On the first floor of the new museum, the representative collection of Tibetan ``thangkas’’ will be displayed. Thangkas are Buddhist paintings used for meditation and ritual. The second floor is exhibition space for Korean ancient artworks as well as artworks from China, Japan, Vietnam and other Asian countries.
There are more than 3,000 Korean artworks including paintings, calligraphies, Buddhist paintings, ceramics, antique medicine jars and others. The Chinese collection comprises around 4,000 items including works of painting, calligraphy, and crafts such as ceramics, metal ware, lacquer ware, garments, ornaments, and embroidery.
The museum’s collection of Tibetan Buddhist art is unequalled in Korea, both quantitatively and qualitatively. There’s more than 2,500 artworks such as thangkas, Buddhist paintings, Buddhist sculptures, Buddhist altar objects, and sutras.
To celebrate the reopening of the museum, it will hold a special exhibition titled ``Gazing Upon Asian Art,’’ a perspective on distinctive Tibetan thangkas that represent Tibetan history and religious art. The exhibition brings Japanese and Korean collections all together at the Hwajeong Museum for the first time.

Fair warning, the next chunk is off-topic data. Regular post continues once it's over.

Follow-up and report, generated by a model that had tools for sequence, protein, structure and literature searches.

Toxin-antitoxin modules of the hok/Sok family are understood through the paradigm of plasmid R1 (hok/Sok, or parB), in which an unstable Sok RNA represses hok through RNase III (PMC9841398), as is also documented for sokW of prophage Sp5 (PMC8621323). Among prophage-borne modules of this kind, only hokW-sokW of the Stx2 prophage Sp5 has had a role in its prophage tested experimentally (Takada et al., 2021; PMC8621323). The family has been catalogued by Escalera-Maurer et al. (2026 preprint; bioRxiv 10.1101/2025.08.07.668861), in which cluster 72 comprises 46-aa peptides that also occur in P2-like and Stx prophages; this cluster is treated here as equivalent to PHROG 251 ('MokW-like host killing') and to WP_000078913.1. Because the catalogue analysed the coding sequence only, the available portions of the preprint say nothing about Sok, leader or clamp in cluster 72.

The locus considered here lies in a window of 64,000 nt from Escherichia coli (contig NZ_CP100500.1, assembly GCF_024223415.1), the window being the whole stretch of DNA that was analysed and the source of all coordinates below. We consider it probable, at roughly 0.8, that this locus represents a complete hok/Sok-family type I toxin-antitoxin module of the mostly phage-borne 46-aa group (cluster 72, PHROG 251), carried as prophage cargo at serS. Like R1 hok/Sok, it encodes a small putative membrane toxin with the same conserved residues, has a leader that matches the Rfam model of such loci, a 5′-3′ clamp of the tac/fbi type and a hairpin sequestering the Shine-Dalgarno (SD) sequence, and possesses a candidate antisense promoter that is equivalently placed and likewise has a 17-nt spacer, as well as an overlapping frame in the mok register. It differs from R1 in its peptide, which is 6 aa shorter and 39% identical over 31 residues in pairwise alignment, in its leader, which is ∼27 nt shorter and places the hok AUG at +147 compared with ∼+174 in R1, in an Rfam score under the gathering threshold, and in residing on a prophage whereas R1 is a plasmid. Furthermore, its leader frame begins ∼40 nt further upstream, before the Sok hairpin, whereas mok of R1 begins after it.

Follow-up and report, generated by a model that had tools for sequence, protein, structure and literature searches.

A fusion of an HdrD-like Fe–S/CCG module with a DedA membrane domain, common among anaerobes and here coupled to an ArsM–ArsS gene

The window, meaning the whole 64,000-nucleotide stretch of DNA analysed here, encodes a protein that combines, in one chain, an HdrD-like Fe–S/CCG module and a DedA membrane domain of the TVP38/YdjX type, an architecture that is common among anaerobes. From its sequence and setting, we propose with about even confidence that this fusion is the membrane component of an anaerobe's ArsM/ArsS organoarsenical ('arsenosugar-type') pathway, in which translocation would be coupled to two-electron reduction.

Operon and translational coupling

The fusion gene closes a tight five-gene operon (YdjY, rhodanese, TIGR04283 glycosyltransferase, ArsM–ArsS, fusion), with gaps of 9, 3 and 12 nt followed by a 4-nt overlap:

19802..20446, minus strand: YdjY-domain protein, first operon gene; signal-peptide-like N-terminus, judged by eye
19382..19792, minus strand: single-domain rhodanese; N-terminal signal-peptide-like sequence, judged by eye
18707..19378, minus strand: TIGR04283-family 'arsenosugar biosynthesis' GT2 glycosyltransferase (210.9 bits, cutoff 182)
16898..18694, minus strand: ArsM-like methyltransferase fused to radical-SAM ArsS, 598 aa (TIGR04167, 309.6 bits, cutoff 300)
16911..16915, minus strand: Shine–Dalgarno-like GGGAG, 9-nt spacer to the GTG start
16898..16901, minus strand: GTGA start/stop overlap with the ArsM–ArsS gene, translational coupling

``We have always been confident that our Tibetan collection is the best of its kind in the world. However, despite its international reputation, I think our collection is not well known in Korea,’’ said Han Hye-joo, a director of the museum. ``I hope its reopening will be an opportunity for the museum to attract a large audience here.’’
The exhibition will continue until Aug. 30 No entrance fee. The exhibits will be updated every six months. Beginning next month, the museum will operate a shuttle bus that will stop at Insa-dong, Sagan-dong and Pyongchang-dong. For more information, call (02) 2287-2994.